36 COMMENTS

  1. Life and work go on with questions, not answers. We should constantly ask ourselves if we have taken the right direction. The best things in life are not easily achieved and failure to observe oneself can only lead to mediocrity. I think Socrates explained it much better: “A life without research is not worth living”: Socrates’ reflection also applies to work.
    For this purpose it is suggested to have a place to listen to us. The need for solitude is a fundamental and essential characteristic of individual personal well-being and even more so today, in a technological world made of global connections and virtual relations. It is a useful need to reflect on oneself, to experience intimacy and to live deep emotional experiences. Knowing how to be with ourselves helps to be with others and promotes knowledge and relationship.

  2. Dear Noemi, it is always a pleasure to read your writings and meditate on your thoughts, in which I am always in harmony. The night, fascinating, mysterious, disturbing but also relaxing and pleasant, especially when there are two of you.
    Thanks and congratulations for your contribution.
    Max

  3. Always insightful and your words are woven together like a magic carpet. I am so impressed by how you are saying it that it distracts me from the content.
    Once again, something as simple as silence has consequences at both ends of the scale and you’ve expressed it in your unique way.

  4. To get to the state of realising something is amiss (which is perhaps the precursor to silence and reflection) we have to lose satisfaction in what our lives are at the moment. Following the realisation is the doubts over what our efforts have amounted to. Well written Noemi!

      • So glad I found time to go over your essay on the many facets of silence. I believe you have explored the ethos of silence in this piece.
        As I told you earlier: it has an irresistible rhythm that pulses and punctuates the thoughtful journey into some of the underlying thoughts.
        I need the occasional separation from the everyday noise and loudness of urban life. I relish my opportunity to escape to the wilderness of Michigan’s wilderness areas and occasionally to the wilderness in northern Ontario. This retreat, it should be stated, is still not silence. It is however quiet. Sounds of primacy within nature feels so right!
        I suffer insomnia. My mind refuses to become silent. I would likely greatly benefit from silence when I can’t force myself to calmness and quiet.
        You also speak to the silence we all endure when part of us, deep within, screams to our soul to rise up, speak up. We have been conditioned, by our modern culture, to not get involved in other people’s business. Pretend we havent noticed. After all, we’re so busy. We’re always running late.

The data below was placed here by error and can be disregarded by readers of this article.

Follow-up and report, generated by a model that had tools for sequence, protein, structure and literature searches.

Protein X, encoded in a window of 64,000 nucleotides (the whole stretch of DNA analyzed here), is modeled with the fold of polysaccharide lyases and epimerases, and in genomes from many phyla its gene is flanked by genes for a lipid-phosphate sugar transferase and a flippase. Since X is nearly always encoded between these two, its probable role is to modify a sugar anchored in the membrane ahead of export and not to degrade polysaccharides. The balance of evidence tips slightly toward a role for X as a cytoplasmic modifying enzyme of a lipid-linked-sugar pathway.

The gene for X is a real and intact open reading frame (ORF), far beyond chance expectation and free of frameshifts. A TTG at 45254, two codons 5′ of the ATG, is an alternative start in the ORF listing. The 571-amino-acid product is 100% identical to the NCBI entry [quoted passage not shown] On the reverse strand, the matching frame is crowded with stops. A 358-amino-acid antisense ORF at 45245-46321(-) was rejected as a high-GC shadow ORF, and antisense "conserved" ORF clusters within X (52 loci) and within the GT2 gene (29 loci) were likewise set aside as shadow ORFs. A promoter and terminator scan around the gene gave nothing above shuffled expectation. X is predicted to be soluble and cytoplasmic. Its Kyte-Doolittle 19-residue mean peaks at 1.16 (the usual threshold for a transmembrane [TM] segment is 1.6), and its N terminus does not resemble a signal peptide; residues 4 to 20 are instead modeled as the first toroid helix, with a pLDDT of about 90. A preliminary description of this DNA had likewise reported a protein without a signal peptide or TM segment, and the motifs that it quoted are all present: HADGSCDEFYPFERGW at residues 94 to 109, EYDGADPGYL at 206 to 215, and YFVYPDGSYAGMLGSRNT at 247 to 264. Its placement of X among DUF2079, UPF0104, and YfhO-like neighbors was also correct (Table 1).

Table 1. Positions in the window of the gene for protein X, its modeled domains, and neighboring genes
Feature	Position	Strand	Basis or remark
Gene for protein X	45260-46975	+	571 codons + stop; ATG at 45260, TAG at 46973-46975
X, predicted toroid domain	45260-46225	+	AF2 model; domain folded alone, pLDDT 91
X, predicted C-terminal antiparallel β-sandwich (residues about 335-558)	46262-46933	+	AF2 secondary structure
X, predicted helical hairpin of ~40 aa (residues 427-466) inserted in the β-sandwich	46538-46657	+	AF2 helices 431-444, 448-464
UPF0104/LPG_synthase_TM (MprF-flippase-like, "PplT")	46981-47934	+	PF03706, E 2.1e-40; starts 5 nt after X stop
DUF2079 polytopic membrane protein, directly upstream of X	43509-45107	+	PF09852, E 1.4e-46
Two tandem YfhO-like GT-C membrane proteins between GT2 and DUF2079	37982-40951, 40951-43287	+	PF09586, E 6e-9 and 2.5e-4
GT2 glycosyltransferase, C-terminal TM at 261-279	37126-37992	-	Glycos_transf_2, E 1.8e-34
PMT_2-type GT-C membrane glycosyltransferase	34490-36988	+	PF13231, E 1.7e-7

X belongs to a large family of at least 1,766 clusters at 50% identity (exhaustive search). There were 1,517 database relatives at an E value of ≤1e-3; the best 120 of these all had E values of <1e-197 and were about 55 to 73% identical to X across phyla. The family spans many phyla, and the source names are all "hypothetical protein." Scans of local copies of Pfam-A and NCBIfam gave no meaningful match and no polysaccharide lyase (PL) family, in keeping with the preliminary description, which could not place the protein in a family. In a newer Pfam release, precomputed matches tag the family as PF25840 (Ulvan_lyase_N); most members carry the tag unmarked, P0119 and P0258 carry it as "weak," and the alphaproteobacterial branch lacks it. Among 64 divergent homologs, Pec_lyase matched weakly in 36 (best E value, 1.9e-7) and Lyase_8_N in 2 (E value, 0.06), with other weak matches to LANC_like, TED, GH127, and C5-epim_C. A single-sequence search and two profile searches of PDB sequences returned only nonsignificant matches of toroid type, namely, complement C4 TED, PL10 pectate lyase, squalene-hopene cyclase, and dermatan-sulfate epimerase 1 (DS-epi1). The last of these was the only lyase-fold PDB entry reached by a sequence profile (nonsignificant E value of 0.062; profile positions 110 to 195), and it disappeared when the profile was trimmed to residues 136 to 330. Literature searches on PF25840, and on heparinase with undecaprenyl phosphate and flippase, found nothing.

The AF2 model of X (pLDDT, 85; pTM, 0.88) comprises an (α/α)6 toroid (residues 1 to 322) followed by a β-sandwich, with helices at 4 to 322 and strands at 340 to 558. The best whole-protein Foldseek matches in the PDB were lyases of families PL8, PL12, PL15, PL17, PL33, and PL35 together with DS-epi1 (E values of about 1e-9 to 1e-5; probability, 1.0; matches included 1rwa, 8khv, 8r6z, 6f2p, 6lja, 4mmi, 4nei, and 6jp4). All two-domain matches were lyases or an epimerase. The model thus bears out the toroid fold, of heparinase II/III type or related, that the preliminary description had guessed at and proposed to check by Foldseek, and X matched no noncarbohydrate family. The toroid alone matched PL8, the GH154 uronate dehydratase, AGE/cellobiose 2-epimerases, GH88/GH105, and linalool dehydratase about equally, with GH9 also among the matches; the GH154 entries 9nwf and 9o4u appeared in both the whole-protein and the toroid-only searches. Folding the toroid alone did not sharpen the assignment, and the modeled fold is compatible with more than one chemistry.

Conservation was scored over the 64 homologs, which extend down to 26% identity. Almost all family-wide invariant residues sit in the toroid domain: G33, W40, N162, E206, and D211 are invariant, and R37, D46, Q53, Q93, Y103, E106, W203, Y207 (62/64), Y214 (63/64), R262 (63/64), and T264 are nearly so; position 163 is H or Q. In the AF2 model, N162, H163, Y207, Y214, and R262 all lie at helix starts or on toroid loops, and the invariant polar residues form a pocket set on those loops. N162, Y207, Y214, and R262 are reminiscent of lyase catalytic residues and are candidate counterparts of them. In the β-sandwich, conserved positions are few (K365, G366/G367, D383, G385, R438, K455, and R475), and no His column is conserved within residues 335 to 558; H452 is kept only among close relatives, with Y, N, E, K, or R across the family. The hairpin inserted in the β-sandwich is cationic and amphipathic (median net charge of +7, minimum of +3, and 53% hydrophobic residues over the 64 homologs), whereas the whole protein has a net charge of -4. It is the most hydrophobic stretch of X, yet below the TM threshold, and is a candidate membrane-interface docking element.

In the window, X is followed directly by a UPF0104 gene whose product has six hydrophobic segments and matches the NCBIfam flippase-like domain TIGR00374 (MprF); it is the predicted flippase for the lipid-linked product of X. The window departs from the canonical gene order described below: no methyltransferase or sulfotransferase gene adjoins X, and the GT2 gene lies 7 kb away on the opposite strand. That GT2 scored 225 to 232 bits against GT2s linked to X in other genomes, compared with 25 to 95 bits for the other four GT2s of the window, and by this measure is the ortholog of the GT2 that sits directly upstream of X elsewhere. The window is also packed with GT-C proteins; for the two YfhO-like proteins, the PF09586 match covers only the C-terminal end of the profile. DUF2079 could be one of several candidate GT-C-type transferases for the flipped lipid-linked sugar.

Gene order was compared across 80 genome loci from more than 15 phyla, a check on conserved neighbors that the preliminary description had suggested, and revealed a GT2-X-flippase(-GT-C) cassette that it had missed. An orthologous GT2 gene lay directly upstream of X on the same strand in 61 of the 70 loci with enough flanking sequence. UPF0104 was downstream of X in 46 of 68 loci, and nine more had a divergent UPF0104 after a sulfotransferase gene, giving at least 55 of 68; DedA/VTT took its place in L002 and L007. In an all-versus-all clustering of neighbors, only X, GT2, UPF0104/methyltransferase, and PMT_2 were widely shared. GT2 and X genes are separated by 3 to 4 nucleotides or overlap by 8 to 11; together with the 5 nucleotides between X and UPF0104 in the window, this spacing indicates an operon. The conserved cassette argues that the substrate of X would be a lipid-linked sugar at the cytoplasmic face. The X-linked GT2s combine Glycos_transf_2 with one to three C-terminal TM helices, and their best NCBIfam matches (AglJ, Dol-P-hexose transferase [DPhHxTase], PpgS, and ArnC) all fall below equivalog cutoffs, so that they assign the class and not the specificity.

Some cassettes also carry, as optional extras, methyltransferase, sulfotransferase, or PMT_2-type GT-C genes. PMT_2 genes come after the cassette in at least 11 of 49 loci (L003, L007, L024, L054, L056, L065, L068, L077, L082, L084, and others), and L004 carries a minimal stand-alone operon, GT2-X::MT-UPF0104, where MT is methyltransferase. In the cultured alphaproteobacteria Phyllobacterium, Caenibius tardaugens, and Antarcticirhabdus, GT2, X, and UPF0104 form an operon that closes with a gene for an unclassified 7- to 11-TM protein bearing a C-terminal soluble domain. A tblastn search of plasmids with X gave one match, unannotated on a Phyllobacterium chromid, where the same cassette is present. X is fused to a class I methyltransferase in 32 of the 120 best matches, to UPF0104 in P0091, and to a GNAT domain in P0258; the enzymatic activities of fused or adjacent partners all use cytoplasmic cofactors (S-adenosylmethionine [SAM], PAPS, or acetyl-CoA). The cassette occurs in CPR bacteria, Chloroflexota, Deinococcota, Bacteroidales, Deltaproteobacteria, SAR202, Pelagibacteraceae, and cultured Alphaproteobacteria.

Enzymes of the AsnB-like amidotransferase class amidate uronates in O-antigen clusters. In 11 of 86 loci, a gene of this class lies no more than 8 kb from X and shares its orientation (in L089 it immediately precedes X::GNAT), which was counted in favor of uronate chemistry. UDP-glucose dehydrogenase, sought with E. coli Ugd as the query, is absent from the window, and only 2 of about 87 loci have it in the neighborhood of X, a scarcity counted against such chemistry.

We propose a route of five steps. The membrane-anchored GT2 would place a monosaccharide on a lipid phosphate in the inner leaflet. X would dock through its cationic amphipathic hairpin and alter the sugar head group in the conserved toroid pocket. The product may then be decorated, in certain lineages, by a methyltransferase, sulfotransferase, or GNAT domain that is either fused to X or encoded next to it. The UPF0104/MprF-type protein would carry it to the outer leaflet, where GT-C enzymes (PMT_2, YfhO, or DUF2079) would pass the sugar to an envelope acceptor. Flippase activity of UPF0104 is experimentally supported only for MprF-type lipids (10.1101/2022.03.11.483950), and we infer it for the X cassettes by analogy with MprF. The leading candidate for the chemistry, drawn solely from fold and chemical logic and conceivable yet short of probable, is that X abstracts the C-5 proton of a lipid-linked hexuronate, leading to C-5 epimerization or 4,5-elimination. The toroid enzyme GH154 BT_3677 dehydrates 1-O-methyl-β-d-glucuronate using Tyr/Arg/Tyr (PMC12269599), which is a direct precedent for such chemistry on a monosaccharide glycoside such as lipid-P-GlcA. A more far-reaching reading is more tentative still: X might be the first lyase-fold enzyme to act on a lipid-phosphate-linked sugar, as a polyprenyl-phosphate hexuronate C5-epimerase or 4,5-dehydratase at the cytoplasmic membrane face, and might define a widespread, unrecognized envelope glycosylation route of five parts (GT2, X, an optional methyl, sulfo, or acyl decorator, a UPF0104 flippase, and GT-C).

I loved reading your thoughts in Baring the Bones.
        I anxiously await the chance to read what’s next!

        • Dear Gary I sincerely wish you the peace of mind to rest in the ‘the season of all natures’. As for your appreciation, I cannot thank you enough for all the time and reflection you put into reading my piece. Your last comment has put me on the rack of great responsibility. My heartfelt thank you once again.

  5. Thank you Noemi, another insightful read. One of my most vital needs is connecting to the breath of silence.
    A must for healing in mind, body and spirit. To go inwards into the void of being is no laughing matter, without self reflection, we can not grow spiritually, and without absolute truth, no matter how hard it stings, and it will if we are being honest, must be accepted, no matter how bitter the pill.
    Have a blessed day, and thank again.

  6. Greeting Naomi, I was unable to find the meaning of “interiorised” but I definitely know the meaning of silence as your article expands upon. I find in each sunrise and each sunset, into the darkness a silence that allows me to reflect on all that is happening around us. Voicing ones voice these days seemes to develope a silence, a silence not like the silence that brings me peace. Thank you for this article

    • Warm greetings to you Lynn. ‘To interiorise’ means to incorporate in oneself’ but what is more important is that you live the balm of silence while being so sensitive to the numbness we are allowing to assault our humanity – which is why sharing our sense perceptions makes this platform such a treasure trove. Thank you for your reflection.